> I would suggest the Outer Hebrides for cycling. I had a terrific vacation there a few years ago and the terrain was gentle with few motorists about. I also like the suggestion for Orkney. If you head out that way, take the ferry to the Shetlands, just a hop skip away ( a few hours by boat ).

I'd have to gently disagree here - if your itinerary involves mainly Central Scotland, Glasgow and Edinburgh and Fife, and you have ten days, Shetland is probably the worst place you could go - it's like having a few days in London and going for a side excursion to Brittany. Don't get me wrong, it's an amazing place, but it's just too far out to make it worthwhile on this particular trip. Even Skye (again, one of the most beautiful places on earth) is kind of pushing it. Again, the Outer Hebrides, kind of far. (It'll take you a full day to get from Glasgow to Lochboisdale on South Uist, for instance, and by that I mean an entire day of solid travel, no fun stuff!)

Remember that distances in the Highlands and Islands aren't like distances elsewhere in Britain - a lot of the roads are far slower than you'll be used to, especially at peak tourist season. The A82 from Glasgow, up the side of Loch Lomond and then to Crianlarich and Tyndrum (and then the Highlands) is a particular pig of a road, with poorly driven caravans, motorhomes, huge tour coaches and lorries all jostling for space on a twisty road (especially between Tarbert and Crianlarich).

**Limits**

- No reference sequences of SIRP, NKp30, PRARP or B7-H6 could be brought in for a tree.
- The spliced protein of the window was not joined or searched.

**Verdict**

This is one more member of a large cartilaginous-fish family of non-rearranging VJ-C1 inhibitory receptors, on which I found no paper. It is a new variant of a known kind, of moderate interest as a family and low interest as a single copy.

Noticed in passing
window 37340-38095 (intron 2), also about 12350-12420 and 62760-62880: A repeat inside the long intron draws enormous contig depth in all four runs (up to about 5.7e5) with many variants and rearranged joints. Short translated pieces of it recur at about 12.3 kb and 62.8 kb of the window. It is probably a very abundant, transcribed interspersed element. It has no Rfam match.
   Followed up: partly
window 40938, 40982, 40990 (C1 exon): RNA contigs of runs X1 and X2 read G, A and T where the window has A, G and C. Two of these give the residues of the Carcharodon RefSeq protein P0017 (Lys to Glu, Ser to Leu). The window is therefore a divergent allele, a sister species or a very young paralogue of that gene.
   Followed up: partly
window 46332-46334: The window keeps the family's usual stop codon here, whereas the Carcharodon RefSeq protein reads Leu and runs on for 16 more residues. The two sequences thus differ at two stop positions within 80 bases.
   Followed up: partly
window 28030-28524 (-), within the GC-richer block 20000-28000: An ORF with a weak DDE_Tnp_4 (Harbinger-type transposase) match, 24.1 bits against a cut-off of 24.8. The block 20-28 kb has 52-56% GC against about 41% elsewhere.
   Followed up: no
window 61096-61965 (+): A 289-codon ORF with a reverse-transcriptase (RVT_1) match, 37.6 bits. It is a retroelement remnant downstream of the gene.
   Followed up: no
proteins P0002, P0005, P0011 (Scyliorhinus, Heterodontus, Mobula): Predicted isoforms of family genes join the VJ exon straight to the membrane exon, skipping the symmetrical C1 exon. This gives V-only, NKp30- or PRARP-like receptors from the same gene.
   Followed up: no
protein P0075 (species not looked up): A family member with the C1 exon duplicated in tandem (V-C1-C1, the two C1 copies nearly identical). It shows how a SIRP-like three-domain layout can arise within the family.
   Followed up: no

My biggest piece of advice for anyone travelling North is not to try and do/see too much because it can turn your relaxing holiday into a non-stop dash between places that didn't seem very far apart on the map. Pick a few places you want to see, within a day's slow drive of one another, and stick to that itinerary - don't try and do Fife, Skye, Orkney, etc etc all in one 10-day trip because you'll be left with few memories other than looking at the back end of a motorhome for hours.

If I was going to go and see Culzean Castle (in Ayrshire) specifically, something I might do to get a little flavour of the West Coast is to then head back up the Ayrshire coast, take the Ardrossan to Campbeltown ferry, stay in Campbeltown and spend some time exploring Kintyre on my way back to Glasgow. It's less visited than a lot of areas of Scotland but it's absolutely beautiful, and you don't have the long trek up into the Highlands from the Central Belt, it's very much off the tourist drags. If you wanted a real island, then depending on time you could then head from Kennacraig (at the top end of Kintyre) across to Islay. That's just one idea - if I think of any more I'll pop back in!